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Publish Date: 22 September 2019
Record greenhouse gas concentrations mean further warming The tell-tale signs and impacts of climate change – such as sea level rise, ice loss and extreme weather – increased during 2015-2019, which is set to be the warmest five-year period on record, according to the World Meteorological Organization (WMO). Greenhouse gas concentrations in the atmosphere have also increased to record levels, locking in the warming trend for generations to come.
Publish Date: 22 May 2019
Average surface air temperatures are expected to be above normal across the majority of the Arctic regions between June and August 2019, according to the Pan-Arctic Climate Outlook Forum. Below...
Publish Date: 12 April 2019
WMO’s Global Atmosphere Watch (GAW) Programme is marking its 30th anniversary this year. The programme, which embraces about 100 countries, aims at forging an integrated global understanding of atmospheric composition and change. It coordinates observations across local to global scales, driving high quality and high-impact science while co-producing society relevant products and services.
Publish Date: 18 April 2019
The expedition "TRANSARCTICA – 2019, the first stage" precedes the work of the international floating Observatory, planned to be deployed in the framework of the MOSAiC project (The Multi-Disciplinary drifting Observatory for the study of Arctic Climate programme). Taking into account, the scientific and practical results obtained in the expedition will contribute to the successful implementation of the MOSAiC project.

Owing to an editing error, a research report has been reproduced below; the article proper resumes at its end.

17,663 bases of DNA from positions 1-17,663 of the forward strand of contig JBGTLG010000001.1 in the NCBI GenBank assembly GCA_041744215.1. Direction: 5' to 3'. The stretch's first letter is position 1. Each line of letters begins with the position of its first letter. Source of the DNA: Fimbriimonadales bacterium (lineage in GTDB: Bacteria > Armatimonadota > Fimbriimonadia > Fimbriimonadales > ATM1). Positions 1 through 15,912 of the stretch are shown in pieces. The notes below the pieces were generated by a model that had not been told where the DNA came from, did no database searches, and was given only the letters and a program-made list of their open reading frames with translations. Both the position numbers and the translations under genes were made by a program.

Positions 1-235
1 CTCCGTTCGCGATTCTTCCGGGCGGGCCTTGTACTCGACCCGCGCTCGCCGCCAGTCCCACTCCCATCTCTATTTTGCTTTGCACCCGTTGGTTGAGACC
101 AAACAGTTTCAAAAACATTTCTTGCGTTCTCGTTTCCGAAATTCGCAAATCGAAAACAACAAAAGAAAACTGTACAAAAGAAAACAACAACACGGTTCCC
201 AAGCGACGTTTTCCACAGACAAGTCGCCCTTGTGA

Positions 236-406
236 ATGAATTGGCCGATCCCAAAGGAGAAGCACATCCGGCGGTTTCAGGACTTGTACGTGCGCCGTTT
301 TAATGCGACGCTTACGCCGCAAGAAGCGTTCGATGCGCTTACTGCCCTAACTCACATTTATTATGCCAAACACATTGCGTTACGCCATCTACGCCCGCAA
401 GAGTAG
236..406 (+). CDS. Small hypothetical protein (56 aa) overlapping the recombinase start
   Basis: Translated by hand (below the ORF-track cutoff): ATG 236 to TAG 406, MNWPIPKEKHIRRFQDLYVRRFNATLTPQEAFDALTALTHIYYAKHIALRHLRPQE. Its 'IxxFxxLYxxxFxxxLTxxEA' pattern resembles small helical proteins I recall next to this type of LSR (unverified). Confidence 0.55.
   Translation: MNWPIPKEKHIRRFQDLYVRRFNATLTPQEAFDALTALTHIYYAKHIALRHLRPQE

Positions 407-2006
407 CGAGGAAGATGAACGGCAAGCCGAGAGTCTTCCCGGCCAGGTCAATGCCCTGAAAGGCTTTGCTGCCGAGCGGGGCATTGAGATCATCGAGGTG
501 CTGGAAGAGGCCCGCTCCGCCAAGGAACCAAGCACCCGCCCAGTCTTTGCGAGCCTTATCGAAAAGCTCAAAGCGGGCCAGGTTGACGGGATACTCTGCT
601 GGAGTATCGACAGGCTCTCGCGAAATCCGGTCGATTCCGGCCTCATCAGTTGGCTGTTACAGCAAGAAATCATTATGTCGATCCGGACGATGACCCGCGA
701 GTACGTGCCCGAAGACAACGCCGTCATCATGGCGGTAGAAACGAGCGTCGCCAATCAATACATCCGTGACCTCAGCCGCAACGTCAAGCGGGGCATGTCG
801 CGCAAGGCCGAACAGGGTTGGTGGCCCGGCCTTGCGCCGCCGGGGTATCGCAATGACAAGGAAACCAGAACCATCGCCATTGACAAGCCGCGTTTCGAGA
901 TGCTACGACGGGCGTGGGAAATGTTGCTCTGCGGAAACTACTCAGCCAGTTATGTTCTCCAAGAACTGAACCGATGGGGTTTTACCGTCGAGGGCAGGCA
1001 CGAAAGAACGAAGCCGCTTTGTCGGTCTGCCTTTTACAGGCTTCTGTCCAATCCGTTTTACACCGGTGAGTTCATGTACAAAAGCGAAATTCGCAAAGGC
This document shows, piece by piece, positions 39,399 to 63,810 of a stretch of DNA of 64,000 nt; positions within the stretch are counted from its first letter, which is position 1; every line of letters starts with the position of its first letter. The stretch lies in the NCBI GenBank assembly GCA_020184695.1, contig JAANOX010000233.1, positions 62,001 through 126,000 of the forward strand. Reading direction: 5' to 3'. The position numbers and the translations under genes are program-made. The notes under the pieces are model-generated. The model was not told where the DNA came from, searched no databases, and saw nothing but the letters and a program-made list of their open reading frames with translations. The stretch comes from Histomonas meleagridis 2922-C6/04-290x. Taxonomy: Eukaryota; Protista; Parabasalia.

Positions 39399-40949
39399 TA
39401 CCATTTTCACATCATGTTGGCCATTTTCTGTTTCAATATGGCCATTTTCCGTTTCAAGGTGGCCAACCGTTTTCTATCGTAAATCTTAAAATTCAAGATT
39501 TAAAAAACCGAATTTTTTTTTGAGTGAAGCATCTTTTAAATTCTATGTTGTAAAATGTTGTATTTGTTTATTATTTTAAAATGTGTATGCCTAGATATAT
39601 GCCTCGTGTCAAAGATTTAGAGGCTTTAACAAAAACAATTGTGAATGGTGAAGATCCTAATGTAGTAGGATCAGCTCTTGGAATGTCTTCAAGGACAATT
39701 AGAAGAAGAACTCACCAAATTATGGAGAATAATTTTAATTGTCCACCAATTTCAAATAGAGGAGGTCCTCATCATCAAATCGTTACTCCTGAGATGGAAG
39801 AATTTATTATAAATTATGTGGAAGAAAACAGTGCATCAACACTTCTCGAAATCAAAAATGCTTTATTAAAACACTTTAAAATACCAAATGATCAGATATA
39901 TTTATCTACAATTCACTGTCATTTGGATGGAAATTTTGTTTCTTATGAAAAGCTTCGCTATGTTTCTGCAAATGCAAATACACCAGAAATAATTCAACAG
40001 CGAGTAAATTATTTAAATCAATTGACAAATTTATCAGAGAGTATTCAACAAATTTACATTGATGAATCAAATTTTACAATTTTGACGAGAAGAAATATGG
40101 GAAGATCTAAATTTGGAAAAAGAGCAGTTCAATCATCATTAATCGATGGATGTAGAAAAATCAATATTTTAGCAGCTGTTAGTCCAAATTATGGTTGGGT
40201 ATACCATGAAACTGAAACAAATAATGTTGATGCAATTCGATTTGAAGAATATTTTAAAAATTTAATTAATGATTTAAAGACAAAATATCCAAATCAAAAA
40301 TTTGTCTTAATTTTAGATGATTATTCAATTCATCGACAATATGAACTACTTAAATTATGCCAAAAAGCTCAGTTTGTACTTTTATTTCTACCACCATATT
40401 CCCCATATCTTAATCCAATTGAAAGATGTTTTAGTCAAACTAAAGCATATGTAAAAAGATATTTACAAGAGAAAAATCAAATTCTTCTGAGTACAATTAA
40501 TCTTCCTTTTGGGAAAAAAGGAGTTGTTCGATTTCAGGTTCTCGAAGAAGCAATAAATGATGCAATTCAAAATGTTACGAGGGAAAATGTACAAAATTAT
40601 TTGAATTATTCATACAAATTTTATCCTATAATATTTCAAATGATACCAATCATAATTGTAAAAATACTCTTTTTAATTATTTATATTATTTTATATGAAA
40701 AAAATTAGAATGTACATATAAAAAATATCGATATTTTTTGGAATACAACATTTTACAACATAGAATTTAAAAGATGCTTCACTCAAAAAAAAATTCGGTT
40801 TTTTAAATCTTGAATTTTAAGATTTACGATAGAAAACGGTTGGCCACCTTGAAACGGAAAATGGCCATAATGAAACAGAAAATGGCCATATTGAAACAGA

Publish Date: 14 March 2019
Recent developments in the climate change arena, including the Paris Agreement in 2015 and the publication of the IPCC Special Report on Global Warming of 1.5 °C, have noted the potential need for negative emission technologies to remove carbon dioxide from the atmosphere in order to limit temperature increase.
Publish Date: 28 February 2019
Increasing levels of airborne pollutants deposited either through gravity (i.e. free-falling) or washed out by rain can result in detrimental effects to crops, human health and vulnerable ecosystems by altering critical and delicate chemical balances. Identifying areas most at risk and which would most benefit from measures to control excessive pollutant load is crucial.
Publish Date: 8 February 2019
The full Scientific Assessment of Ozone Depletion is now available. It shows that actions taken under the Montreal Protocol have led to decreases in the atmospheric abundance of controlled ozone-depleting substances (ODSs) and the start of the recovery of stratospheric ozone.